Creating a 360 Audience Experience: Fortress LA Joins the Party
New to Aspen this year is Fortress LA, a production and creative team that X Games has brought in to manage all streaming production. Known for producing live streams of high-profile music festivals and digital events, Fortress LA has been brought in to bring a new mindset to the X Games live-streaming coverage on YouTube and Twitch.
“As we look to grow the streaming [presentation],” says Flisler, “we will take our premium broadcast package and tweak it a little bit [for streaming] with more humor and sound bites to make it feel more raw. The term I like to use is ‘polished scuff.’”
When an athlete wins a gold medal, for example, they will head to the linear-broadcast set for a four- or five-minute interview with co-hosts Selema Masekala and Victoria Arlen — as has traditionally been the case on X Games broadcasts. After that, the gold-medal winner will be walked over to the digital host set (located at the new interactive X Fest Snow festival experience) for a more casual extended interview for the streaming audience.
“That will be more of a casual-style hangout,” says Flisler. “It could be 30 or more minutes. We might even ask them to bring their trainer or friends on with them. We’re going to lean into that kind of style. We made a very conscious decision to build both a linear-TV host set and a digital host set in order to create that 360 audience experience.”
In addition to a dedicated host set, this year’s streaming experience will focus heavily on the music performances taking place throughout the next three days.
“Music has always been a part of the X Games body,” notes Flisler, “but we’re making it a bigger part of the [presentation]. Rather than having one big concert at night, we have seven music acts that will be integrated into the event schedule throughout the three days. And we’re going to stream a majority of those acts right on to Twitch and YouTube. If you hang out all weekend, you’re going to get the competition, but you’re also going to have an entire experience of action-sports culture.”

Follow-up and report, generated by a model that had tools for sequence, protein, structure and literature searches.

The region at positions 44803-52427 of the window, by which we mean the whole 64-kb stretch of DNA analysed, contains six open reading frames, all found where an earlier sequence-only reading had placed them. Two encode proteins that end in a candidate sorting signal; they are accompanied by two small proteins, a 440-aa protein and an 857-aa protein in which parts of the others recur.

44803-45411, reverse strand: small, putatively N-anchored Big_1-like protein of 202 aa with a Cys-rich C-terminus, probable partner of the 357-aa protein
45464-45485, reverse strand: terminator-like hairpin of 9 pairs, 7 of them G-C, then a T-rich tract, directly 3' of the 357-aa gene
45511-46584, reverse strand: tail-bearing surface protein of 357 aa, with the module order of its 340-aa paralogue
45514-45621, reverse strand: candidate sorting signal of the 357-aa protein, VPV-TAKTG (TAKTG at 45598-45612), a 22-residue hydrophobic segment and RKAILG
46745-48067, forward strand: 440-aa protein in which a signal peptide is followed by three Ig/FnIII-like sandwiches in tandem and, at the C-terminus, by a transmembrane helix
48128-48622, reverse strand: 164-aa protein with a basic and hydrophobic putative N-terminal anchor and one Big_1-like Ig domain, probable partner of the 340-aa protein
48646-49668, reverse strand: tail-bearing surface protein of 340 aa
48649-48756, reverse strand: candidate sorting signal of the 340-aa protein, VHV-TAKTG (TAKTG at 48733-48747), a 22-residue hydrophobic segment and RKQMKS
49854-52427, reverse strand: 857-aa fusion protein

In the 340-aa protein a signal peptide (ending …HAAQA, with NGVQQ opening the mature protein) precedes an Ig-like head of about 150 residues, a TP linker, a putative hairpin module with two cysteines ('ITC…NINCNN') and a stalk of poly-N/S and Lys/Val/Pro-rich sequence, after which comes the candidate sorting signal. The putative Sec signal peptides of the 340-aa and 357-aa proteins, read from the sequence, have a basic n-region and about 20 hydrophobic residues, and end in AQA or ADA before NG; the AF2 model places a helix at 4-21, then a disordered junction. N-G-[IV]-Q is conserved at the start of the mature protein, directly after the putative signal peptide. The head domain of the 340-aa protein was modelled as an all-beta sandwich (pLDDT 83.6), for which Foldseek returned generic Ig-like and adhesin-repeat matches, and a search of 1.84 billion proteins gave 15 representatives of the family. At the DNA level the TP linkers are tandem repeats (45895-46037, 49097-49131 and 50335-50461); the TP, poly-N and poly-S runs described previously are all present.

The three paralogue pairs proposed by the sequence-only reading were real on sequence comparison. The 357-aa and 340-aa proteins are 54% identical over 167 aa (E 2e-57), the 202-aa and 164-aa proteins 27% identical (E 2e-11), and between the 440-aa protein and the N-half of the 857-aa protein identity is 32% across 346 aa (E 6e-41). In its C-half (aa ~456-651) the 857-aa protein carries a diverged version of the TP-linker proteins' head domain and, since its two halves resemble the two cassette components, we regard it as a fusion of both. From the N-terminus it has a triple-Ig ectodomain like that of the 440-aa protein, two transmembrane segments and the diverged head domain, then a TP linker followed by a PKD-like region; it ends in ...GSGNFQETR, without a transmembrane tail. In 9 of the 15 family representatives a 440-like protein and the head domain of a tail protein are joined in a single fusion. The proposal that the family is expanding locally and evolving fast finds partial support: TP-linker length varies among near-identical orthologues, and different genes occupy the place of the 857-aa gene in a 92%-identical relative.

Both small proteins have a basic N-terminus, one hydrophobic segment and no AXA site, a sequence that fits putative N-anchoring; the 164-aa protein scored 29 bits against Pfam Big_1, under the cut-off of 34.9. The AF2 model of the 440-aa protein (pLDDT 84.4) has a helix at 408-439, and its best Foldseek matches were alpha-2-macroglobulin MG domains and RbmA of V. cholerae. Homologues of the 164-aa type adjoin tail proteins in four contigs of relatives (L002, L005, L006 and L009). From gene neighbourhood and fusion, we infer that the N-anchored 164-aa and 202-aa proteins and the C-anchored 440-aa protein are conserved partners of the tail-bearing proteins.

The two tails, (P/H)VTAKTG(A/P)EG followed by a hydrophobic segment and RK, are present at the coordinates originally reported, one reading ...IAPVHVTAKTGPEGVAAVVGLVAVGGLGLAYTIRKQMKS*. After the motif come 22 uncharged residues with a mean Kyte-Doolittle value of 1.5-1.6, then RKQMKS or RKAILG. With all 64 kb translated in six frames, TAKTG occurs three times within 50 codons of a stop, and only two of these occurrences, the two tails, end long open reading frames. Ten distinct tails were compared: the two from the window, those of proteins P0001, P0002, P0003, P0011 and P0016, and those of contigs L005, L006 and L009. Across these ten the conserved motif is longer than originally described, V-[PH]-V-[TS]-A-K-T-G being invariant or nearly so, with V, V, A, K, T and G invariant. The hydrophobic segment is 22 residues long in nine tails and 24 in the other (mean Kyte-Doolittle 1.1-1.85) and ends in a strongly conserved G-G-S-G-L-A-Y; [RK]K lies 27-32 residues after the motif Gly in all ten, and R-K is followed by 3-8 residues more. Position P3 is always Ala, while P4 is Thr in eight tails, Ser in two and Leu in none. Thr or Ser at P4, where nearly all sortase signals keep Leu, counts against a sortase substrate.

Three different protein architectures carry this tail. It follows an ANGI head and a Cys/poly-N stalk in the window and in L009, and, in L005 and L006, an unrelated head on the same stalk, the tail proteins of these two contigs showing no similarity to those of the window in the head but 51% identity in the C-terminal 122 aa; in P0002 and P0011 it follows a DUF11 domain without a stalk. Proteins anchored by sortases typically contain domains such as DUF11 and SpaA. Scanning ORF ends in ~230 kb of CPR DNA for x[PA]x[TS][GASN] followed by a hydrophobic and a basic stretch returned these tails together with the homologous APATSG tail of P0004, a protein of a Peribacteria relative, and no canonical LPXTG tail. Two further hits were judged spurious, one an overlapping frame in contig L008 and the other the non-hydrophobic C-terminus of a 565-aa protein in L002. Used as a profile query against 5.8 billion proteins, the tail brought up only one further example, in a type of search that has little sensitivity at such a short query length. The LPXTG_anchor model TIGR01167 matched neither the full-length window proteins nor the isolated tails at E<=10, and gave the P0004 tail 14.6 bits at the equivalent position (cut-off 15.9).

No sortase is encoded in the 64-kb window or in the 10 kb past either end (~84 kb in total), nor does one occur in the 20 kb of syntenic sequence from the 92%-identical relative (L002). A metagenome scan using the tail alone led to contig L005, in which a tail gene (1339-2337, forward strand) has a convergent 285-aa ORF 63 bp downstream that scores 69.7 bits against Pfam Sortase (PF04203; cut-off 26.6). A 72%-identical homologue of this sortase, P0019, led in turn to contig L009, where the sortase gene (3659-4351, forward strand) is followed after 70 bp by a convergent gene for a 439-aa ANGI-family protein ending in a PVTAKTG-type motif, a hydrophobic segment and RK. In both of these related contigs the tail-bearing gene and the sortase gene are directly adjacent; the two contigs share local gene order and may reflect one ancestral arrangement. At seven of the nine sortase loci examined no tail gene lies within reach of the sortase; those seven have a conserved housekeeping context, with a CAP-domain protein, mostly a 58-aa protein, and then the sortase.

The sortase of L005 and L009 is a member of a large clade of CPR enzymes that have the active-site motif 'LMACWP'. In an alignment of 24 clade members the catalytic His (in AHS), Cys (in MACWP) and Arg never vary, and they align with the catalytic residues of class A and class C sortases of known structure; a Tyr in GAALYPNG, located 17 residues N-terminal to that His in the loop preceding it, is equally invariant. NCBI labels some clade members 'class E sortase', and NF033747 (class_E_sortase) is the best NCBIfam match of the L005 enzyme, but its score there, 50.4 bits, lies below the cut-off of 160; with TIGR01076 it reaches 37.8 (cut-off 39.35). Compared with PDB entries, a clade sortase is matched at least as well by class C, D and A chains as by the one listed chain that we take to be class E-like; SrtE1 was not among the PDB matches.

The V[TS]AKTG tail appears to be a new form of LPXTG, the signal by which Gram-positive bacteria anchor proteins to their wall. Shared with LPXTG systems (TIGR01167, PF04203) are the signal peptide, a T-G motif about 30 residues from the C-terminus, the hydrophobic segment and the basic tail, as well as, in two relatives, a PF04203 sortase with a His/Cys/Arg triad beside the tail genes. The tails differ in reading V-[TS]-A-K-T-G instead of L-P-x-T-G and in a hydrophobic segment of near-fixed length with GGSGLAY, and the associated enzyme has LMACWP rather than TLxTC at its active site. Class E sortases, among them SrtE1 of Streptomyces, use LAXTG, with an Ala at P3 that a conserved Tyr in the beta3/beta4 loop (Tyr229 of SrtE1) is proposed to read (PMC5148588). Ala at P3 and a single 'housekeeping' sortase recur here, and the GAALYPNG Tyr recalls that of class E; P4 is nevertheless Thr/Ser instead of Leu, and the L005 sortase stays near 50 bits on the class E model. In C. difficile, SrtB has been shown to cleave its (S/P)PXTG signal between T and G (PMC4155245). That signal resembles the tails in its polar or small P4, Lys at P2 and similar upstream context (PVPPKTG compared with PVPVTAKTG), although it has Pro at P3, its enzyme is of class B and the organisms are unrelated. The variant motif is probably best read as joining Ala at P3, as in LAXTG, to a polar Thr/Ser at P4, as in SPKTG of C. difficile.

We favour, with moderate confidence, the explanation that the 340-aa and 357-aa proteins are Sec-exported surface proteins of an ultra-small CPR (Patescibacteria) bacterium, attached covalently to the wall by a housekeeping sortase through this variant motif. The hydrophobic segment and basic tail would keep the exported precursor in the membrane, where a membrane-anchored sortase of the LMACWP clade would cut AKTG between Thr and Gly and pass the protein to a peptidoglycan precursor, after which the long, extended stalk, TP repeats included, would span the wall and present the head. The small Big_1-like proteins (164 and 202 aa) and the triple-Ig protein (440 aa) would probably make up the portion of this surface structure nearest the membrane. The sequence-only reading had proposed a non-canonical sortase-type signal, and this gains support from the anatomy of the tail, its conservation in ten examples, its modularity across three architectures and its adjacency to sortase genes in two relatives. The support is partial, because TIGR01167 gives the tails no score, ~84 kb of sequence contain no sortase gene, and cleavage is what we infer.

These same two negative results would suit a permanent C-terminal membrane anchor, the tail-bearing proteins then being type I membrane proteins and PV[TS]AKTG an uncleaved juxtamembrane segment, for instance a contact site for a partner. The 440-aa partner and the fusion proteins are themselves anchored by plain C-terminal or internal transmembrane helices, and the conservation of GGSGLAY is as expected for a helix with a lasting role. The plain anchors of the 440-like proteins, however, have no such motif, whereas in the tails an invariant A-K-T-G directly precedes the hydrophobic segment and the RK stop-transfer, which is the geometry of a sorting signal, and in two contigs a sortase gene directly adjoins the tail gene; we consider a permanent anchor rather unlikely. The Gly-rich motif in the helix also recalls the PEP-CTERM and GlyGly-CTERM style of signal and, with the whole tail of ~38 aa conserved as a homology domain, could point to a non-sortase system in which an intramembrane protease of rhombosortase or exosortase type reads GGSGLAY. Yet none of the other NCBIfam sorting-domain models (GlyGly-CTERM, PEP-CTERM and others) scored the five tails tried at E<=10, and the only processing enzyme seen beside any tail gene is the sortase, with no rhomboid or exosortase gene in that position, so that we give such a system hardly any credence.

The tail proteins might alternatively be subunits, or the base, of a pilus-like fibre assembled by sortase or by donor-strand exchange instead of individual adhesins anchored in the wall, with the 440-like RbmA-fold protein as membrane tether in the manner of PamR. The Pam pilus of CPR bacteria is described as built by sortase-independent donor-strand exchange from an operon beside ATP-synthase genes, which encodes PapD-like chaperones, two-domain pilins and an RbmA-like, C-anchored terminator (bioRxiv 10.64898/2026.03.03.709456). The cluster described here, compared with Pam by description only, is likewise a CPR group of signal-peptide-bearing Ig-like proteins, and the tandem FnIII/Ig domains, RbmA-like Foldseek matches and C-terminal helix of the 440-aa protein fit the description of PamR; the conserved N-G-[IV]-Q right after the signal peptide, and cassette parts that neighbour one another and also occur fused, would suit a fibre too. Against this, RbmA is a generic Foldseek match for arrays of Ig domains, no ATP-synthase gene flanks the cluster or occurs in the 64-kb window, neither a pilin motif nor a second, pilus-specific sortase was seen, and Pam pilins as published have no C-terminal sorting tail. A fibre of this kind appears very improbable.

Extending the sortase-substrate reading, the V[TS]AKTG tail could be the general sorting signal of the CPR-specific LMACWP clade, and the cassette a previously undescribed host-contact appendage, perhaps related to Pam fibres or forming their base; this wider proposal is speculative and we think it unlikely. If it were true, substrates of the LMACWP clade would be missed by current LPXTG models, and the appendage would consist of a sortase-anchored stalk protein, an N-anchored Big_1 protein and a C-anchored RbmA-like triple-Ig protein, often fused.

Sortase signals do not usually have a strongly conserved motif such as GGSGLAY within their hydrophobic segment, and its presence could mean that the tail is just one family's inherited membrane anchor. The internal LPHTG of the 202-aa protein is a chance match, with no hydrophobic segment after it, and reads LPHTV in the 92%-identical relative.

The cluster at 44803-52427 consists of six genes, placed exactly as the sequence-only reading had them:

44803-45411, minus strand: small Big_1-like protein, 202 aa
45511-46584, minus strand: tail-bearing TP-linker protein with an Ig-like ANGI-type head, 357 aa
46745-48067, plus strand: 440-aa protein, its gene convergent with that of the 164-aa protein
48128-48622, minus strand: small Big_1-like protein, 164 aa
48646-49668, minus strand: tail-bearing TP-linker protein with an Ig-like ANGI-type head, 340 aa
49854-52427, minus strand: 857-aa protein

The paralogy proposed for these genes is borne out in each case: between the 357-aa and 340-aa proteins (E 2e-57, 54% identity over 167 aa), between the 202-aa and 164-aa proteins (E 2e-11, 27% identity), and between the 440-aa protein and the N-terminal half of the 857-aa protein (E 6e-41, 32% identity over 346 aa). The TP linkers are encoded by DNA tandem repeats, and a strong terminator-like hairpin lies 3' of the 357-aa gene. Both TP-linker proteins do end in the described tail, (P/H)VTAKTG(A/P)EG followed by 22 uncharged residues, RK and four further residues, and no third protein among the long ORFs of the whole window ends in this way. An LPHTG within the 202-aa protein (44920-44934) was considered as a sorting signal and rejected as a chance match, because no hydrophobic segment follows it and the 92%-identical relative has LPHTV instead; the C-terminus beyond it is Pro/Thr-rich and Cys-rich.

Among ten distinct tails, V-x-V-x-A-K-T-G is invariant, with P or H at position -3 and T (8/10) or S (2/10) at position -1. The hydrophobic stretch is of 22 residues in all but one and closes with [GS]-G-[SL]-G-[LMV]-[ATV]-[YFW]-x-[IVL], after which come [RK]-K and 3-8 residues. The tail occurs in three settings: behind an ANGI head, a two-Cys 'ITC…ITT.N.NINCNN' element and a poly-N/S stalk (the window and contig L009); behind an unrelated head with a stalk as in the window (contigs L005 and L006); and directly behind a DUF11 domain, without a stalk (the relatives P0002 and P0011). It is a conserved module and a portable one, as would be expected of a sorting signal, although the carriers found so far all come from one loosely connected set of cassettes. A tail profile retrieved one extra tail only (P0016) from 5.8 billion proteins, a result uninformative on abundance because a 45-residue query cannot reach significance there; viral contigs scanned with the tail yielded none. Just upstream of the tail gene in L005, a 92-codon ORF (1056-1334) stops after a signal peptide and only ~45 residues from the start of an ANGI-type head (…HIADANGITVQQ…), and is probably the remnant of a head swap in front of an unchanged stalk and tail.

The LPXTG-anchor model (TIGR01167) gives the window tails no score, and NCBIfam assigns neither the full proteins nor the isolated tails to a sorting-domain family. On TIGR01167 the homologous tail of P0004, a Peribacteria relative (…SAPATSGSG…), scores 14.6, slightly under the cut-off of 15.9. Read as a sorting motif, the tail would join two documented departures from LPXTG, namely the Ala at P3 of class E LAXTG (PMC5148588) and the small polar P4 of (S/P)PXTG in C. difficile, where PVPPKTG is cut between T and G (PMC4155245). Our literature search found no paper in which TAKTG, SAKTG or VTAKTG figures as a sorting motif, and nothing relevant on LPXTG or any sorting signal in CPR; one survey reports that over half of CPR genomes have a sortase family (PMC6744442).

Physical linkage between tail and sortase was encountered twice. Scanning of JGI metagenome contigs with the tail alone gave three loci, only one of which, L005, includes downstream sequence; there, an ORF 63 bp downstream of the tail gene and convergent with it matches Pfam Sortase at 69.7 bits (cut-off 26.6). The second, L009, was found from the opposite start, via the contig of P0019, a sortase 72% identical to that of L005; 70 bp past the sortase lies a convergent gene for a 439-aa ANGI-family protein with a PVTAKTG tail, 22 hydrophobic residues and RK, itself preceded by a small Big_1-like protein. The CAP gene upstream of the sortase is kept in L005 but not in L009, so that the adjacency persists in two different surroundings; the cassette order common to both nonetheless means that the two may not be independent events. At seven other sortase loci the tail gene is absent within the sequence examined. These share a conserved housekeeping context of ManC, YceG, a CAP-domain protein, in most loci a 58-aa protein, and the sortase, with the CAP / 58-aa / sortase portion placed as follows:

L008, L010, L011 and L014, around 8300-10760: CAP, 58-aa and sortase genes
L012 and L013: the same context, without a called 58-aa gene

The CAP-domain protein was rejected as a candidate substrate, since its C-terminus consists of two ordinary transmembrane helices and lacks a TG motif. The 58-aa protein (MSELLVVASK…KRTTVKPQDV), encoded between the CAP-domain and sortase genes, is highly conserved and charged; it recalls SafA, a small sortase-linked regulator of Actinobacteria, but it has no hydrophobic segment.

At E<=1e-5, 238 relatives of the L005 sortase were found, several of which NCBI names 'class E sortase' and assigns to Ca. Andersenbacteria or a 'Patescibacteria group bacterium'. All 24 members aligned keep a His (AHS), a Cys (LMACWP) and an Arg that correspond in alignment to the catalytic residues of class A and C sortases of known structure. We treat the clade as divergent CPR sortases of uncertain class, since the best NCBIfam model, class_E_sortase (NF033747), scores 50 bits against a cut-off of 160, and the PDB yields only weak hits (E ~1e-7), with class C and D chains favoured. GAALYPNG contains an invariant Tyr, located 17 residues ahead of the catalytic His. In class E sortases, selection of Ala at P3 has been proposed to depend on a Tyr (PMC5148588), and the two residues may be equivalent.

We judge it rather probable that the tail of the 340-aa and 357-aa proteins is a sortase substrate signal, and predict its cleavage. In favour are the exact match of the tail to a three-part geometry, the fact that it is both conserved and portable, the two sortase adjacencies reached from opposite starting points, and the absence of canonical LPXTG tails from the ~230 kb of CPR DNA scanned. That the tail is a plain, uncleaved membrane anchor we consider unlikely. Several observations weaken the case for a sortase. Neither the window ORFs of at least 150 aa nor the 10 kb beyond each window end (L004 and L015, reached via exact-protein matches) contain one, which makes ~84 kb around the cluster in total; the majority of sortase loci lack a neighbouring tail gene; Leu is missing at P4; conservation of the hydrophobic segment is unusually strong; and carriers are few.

He adds that gaming also will play a role in the X Games presentation, with streaming segments featuring Microsoft’s Minecraft and Ubisoft’s Riders Republic.
The Future is Bright: Expansion Beyond Aspen, L.A.
Though marking a major milestone, this weekend in Aspen is “only the beginning of a new era” for the X Games,” Flisler says. The organization, he notes, is in the process of building out a “content roadmap” that goes well beyond Winter X in Aspen and Summer X in Los Angeles each year. Instead, the organization is looking to create new events and new disciplines and visit more mountains and skateparks across the world.
“We’re not going to be bound by just three days here for winter and three days for summer,” he says. “We want to build out the whole summer season so that it peaks with X Games during that three-day weekend. I’m excited because [hosting more events] gives us more surface area to experiment and build out the next style of a FollowCam or POV camera or a streaming approach that can be interactive.
“ESPN built X Games from scratch and deserves all the credit in the world for making it what it is today,” adds Flisler. “But we now have a team that wakes up and goes to bed thinking about X Games and nothing else. In terms of broadcasting, it’s all about X Games and only X Games. We have the cornerstone flagships on ESPN and ABC, but we’re looking much bigger than that. I’m excited to have the opportunity to take this iconic brand and build the future of X Games.”